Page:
Early in 2014 I was contacted by a Lionel collector looking to have three versions of the Lionel 259 2-4-2 restored. These were a gunmetal and nickel 259E; black and copper 259E; black and nickel 259.
The black versions had been re-wheeled, but otherwise original.
The 261T (tender) had a missing rear handrail.
The gunmetal version had been repainted twice, latterly with metallic paint and had been given a black smokebox. Four of the handrail knobs were missing which had been replaced with split pins.
Over the years they had all suffered from poor storage allowing rust to take hold on the nickel plated steel whilst handling with bare hands had removed the nickel plating on dome covers, handrails and connecting rods.
At some point during transit Parcelforce had managed to crush the cab.
One of the tabs on the cab bottom was missing preventing it from sitting properly.
All the mechanisms worked, but one of the E-Units required some remedial work to repair an earlier dismantling.
In this narrative I am going to concentrate on the restoration of the bodies which fell into these steps:
1. Dismantle completely the body work into all basic component parts. That meant removal of everything with two exceptions; the bells and headlights which were riveted on in such a way that removal would irretrievably damage them and the guide bars were left attached to the cylinders as they could be painted and re-plated in situ.
2. Strip the bodies of all existing paint.
3. Strip all remaining nickel plating.
4. Match the gunmetal colour in a non metallic, brushable paint.
5. Repair a badly corroded tender bodyside on the black 261T.
7. Paint the bodies.
8. Make replacements for the missing handrail knobs and the tender handrail.
9. Re-nickel all motion work, axle boxes, couplers and on the nickel versions all dome covers, chimneys, pilot lights, handrails, sand pipes.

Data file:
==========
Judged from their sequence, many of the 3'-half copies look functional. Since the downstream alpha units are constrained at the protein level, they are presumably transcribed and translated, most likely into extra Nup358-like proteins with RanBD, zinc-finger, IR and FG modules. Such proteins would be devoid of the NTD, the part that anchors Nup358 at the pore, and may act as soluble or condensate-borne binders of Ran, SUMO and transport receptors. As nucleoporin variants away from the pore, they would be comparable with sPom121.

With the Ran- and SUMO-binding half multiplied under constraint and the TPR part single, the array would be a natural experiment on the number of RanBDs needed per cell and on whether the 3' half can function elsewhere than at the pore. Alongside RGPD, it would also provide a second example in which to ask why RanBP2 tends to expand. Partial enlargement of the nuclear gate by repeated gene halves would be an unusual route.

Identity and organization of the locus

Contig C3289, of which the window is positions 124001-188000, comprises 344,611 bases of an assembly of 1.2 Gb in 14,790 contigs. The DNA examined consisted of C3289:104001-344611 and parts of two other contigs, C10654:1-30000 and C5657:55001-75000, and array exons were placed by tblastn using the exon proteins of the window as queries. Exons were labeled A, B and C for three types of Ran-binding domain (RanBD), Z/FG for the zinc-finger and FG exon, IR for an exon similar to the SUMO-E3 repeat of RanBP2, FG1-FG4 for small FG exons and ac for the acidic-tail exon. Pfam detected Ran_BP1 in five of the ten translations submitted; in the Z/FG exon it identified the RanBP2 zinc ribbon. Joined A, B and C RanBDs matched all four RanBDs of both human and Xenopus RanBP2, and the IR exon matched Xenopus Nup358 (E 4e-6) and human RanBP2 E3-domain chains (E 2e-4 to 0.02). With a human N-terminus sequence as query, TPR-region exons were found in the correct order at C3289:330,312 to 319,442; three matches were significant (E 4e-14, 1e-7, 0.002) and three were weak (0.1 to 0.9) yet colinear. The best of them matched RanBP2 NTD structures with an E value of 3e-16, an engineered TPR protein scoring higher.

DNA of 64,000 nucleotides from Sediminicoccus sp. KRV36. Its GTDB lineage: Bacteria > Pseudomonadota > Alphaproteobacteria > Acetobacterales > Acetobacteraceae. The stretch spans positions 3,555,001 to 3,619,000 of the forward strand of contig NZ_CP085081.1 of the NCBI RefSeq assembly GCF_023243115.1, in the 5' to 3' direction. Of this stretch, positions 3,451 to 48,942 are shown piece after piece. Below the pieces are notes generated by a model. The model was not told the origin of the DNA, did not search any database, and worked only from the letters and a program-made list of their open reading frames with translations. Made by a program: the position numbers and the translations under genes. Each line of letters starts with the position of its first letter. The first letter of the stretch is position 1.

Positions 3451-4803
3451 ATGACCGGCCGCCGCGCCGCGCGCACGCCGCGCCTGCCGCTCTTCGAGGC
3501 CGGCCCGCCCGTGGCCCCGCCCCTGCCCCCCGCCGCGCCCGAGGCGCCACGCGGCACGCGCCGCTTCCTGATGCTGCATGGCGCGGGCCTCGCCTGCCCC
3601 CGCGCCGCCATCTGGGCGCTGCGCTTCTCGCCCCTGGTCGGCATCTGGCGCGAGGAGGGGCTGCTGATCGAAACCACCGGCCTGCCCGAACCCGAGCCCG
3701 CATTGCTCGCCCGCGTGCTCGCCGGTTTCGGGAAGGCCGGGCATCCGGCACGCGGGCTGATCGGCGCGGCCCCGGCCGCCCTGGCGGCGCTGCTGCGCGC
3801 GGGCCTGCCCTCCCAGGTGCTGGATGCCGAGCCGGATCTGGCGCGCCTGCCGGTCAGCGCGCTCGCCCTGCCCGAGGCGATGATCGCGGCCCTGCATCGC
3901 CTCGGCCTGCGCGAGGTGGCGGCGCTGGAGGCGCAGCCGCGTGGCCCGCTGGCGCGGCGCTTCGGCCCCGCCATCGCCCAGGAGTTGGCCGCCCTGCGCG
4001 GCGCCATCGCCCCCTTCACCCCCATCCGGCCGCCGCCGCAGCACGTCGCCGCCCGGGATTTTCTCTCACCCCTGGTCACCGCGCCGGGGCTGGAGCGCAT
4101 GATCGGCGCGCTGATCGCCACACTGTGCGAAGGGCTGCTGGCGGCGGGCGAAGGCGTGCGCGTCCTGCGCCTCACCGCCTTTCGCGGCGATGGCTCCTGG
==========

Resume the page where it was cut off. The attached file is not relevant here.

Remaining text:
10. Polish and varnish the copper versions dome covers, chimneys, pilot lights, handrails, sand pipes.
In summary the work progressed as follows:
The damaged gunmetal cab was carefully straightened. The tricky part was to sort out the complex folding where it fixed onto the firebox shell. This had two reverse bends and required the manufacture of a punch to get into the interior of the cab.
To cure the missing cab tab I soft soldered on a replacement brass tab.
The severe corrosion of the curved side sheets of the 261T were repaired by soft soldering on the inside of the curve some thin brass strip. The pits and holes on the outside of the curve were filled by running in soft solder and then using very fine emery rubbed smooth.
Missing handrail knobs were replaced by carefully bending thin brass strip of the appropriate width to shape.
All riveted pins holding the motion work to the frames and the coupling hooks to their frame were removed by filing the burred end until it was flush with the frame and then pressed out. To replace, the rivets were placed in the lathe and drilled through the centre and tapped 10ba. To reassemble, press the rivet back into its respective hole. Then screw a brass 10ba round head and hold in place with ‘Threadlock’. With a small file carefully reduce the head size to match the original burred rivet. Take care not to scratch the paint or plating!